Your feedback or suggestions to do this would be much appreciated.
  • Scooterlam
    Scooterlam SuperUser, Windows Beta Beta
    edited April 2020
    Revisting this budget forecasting idea from last year with an updated example to my original Image 1 in my first post.

    Again, the idea here is to not necessarily rely on the whats "left" figure to determine where I might end up at EoY, acutals v. budget.  But instead, add a forecasted EoY spend figure (See below image) to basically show where I will end up without any coarse corrections to future spending.... This forecasted figure uses existing data.

    Forecast Formula...

    Forecast = Sum of actual costs to date + (Current Month Budget - Current Month Actuals) + Sum of remaining monthly budgets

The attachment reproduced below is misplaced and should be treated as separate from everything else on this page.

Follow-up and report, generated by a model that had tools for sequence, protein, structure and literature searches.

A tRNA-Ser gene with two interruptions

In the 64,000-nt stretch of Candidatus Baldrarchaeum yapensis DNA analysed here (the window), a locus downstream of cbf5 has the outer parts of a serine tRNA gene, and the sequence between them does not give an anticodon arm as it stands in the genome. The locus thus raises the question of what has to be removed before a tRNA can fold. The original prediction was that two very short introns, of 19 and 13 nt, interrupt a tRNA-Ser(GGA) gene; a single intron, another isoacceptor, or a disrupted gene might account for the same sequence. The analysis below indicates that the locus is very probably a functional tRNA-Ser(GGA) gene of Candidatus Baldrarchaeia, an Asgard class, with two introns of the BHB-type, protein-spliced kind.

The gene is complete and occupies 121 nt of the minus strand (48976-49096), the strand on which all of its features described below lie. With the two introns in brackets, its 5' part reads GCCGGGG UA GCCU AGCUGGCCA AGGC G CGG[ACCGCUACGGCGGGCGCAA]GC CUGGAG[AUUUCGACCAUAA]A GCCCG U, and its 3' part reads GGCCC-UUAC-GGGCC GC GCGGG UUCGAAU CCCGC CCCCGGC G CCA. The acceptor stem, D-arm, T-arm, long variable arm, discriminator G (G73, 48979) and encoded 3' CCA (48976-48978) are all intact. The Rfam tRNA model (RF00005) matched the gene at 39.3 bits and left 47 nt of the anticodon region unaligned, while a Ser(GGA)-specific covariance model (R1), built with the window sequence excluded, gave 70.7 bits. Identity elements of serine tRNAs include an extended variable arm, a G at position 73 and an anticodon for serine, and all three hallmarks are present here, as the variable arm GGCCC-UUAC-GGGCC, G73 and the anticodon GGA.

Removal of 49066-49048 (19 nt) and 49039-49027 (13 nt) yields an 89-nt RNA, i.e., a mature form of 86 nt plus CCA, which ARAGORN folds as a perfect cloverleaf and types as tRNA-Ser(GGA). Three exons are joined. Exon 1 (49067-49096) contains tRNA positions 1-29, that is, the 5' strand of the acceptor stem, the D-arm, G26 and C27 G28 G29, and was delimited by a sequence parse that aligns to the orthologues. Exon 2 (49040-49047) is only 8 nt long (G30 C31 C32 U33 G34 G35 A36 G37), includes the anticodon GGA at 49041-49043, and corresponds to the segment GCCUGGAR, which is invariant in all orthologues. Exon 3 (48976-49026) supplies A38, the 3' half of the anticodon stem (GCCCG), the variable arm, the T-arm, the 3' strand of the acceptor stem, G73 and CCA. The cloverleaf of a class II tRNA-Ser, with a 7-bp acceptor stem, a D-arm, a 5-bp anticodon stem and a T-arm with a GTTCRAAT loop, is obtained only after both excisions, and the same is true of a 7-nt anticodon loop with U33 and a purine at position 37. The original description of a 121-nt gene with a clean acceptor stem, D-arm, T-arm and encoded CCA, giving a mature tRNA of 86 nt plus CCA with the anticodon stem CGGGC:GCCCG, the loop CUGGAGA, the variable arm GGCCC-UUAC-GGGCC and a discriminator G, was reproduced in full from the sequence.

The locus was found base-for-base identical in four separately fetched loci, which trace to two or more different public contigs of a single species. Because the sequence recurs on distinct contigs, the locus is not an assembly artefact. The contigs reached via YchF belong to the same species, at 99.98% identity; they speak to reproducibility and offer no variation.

In this new (real) example....using Quicken Budget "Annual View" summary bar....


    • Forecast (EoY) = $32 522 + ($ 3 680 - $ 289) + $ 3 325 + $ 2 465 + $ 2 370

    • Forecast (EoY) = $ 44 073

    • Budget (EoY) = $ 43 000

    • Delta from plan?  $ 1 073 over budget at EoY

    • Action?   Shave $1 073 from current budget over the next 4 months....
    Perhaps we can start there, with the big picture,  then progress to the more detail "discovery" features illustrated in the OP?

    Does this forecasted figure, alone or in combination with the whats "left" figure add value to those of you who use budgets?   It would to me. 

    Vote it up if you like it or suggest improvements to make the idea better!

    Scott
    2018 QW HBR R11.18